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Korean J Spine > Volume 9(3); 2012 > Article
Kim, Oh, Yoon, Park, and Park: Lumbar Disc Screening Using Back Pain Questionnaires: Oswestry Low Back Pain Score, Aberdeen Low Back Pain Scale, and Acute Low Back Pain Screening Questionnaire

Abstract

Objective

To evaluate the usefulness of back pain questionnaires for lumbar disc screening among Korean young males.

Methods

We carried out a survey for lumbar disc screening through back pain questionnaires among the volunteers with or without back pain. Three types of back pain questionnaire (Oswestry Low Back Pain Score, Aberdeen Low Back Pain Scale, and Acute Low Back Pain Screeing Questionnaire) were randomly assigned to the examinees. The authors reviewed lumbar imaging studies (simple lumbar radiographs, lumbar computed tomography, and magnetic resolutional images), and the severity of lumbar disc herniation was categorized according to the guidelines issued by the Korean military directorate. We calculated the relationship between the back pain questionnaire scores and the severity of lumbar disc herniation.

Results

The scores of back pain questionnaires increased according to the severity of lumbar disc herniation. But, the range of scores was very vague, so it is less predictable to detect lumbar disc herniation using only back pain questionnaires. The sensitivity between the back pain questionnaires and the presence of lumbar disc herniation was low (16-64%).

Conclusion

Screening of lumbar disc herniation using only back pain questionnaires has limited value.

INTRODUCTION

There are many types of back pain questionnaires. There are at least 24 methods including regional or private1). However, most of the back pain questionnaires are used for post treatment follow up rather than for diagnostic purpose. Besides this, research regarding the relation between back pain questionnaires on the references and actual spinal disease are insufficient. Therefore the authors translated three types of back pain questionnaires into Korean and then undertook a survey targeting examinees of the physical examination for the military draft, to allow an evaluation of the relationship between the results of the three back pain questionnaires and actual spinal disease, particularly lumbar disc herniation, as well as its usefulness as a screening test for disc herniation.

MATERIALS AND METHODS

The Republic of Korea is one of the nations that have compulsory conscription. All 18 year old Korean males must undertake military duty if they do not have a serious mental or physical disability, so they have to do a physical examination for the military draft. The participants in this research are 223 young males who voluntarily participated after they had been informed of the purpose of this research among examinees of the physical examination for the military draft in Seoul Regional Military Manpower Administration between March 2010 and July 2011.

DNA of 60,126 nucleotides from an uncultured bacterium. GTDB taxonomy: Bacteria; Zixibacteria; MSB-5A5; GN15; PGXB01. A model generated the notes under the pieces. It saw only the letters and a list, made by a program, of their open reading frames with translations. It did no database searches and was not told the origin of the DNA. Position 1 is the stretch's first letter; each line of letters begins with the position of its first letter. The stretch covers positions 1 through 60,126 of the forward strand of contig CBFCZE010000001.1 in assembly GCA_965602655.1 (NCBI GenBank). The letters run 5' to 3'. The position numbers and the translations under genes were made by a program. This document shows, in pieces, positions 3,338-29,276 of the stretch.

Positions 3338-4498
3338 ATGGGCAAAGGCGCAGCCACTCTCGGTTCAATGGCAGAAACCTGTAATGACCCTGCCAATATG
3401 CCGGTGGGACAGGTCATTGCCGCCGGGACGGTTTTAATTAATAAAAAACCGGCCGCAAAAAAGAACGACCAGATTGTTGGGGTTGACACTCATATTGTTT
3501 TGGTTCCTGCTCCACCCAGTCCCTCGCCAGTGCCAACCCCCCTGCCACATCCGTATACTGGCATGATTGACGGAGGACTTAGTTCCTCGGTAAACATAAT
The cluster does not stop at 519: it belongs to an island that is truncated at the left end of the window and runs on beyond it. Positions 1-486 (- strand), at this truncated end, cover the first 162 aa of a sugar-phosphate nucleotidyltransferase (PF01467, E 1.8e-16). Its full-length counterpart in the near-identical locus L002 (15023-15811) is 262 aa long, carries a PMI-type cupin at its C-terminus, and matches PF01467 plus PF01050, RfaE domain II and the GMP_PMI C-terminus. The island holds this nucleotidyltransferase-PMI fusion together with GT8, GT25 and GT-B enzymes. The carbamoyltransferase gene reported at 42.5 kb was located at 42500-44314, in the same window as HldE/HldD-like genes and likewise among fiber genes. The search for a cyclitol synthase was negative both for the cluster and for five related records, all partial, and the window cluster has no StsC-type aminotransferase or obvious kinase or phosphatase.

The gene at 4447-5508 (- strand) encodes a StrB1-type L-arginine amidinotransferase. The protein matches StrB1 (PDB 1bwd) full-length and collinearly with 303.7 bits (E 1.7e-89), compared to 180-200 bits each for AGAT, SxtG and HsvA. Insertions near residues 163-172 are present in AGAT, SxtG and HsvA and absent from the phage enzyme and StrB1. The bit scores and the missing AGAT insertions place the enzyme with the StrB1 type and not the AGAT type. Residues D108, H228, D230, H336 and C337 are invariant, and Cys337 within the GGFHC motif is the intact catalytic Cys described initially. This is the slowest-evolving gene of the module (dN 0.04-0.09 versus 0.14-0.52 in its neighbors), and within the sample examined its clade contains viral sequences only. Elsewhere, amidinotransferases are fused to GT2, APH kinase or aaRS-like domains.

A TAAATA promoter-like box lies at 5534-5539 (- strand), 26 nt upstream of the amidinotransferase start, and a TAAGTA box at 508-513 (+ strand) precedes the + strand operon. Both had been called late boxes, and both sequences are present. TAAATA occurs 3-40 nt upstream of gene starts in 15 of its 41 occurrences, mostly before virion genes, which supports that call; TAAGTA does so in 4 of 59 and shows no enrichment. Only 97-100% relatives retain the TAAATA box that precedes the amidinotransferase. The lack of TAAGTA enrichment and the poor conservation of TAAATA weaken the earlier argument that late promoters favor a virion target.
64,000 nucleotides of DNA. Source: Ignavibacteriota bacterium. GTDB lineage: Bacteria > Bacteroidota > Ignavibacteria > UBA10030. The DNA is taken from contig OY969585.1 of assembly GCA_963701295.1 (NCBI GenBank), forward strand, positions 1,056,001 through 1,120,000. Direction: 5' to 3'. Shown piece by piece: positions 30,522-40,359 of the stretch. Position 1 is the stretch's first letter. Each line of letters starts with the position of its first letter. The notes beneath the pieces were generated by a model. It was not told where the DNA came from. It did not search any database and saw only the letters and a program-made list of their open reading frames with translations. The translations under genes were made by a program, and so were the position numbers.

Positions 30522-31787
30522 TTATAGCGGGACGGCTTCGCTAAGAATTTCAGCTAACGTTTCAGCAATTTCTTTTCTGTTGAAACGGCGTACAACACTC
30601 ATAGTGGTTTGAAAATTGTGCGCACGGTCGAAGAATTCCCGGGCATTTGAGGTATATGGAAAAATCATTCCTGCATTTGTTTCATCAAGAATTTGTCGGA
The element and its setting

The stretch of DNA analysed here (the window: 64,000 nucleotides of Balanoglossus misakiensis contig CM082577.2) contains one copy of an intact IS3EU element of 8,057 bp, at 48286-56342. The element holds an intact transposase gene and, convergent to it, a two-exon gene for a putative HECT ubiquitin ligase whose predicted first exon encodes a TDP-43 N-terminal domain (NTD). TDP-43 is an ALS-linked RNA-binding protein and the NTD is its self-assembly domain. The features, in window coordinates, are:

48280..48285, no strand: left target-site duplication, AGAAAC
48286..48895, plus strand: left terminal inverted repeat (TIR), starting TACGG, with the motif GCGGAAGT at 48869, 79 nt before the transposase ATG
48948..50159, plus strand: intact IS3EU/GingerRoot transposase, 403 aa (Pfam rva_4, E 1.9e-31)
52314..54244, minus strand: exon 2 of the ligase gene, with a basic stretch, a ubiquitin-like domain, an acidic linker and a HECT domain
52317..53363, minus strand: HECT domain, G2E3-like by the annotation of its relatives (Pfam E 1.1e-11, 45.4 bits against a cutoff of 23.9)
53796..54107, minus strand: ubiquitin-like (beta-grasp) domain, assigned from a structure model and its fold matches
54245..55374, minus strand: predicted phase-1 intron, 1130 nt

The participants got a basic questionnaire and three types of back pain questionnaire. The basic questionnaire includes an explanation that this survey does not have any influence on the military test result, whether they exercised when they were high school students, family history of back pain, whether they had had any accidents, thoughts about their own health, whether they smoke, whether they have back pain or radiating pain and how they think about their own waist health. The three types of back pain questionnaire were Oswestry Low Back Pain Score (Oswestry), Aberdeen Low Back Pain Scale (Aberdeen) and Acute Low Back Pain Screeing Questionnaire (ALBPSQ) translated into Korean, and they were randomly applied to the participants. The categories related to sexual activity were deleted due to the participants being 19 year old boys, and the some expressions were changed into terms that Koreans are familiar with, for example, mile into meter. The severity of lumbar disc herniation was categorized according to the guidelines issued by the Korean military directorate 702 and 728 (Table 1). Both directorates categorize Status of lumbar disc herniation by Normal disc, Mild disc bulging without compression of thecal sac, Disc protrusion or extrusion without compression of thecal sac, Disc protrusion or extrusion with compression of thecal sac, Disc protrusion or extrusion with spinal canal compromise more than 50%, and Disc protrusion or extrusion with positive cut-off sign. In this research, the severities of lumbar disc herniation were categorized by mild and sever as written in Table 1. lumbar plain radiograph was operated for basic test of imaging study, and Lumbar spine CT and lumbar spine MRI were confirmed by all of the examinees. All imaging studies were read primilily by one radiologist, and then were reread by another neurosurgeon. When there were disagreed in reading, then the radiologist and the neurosurgeon read after consultation. Yet if they do not come to an agreement, then electromyogram(EMG) was operated for checking thecal sac compression due to disc herniation.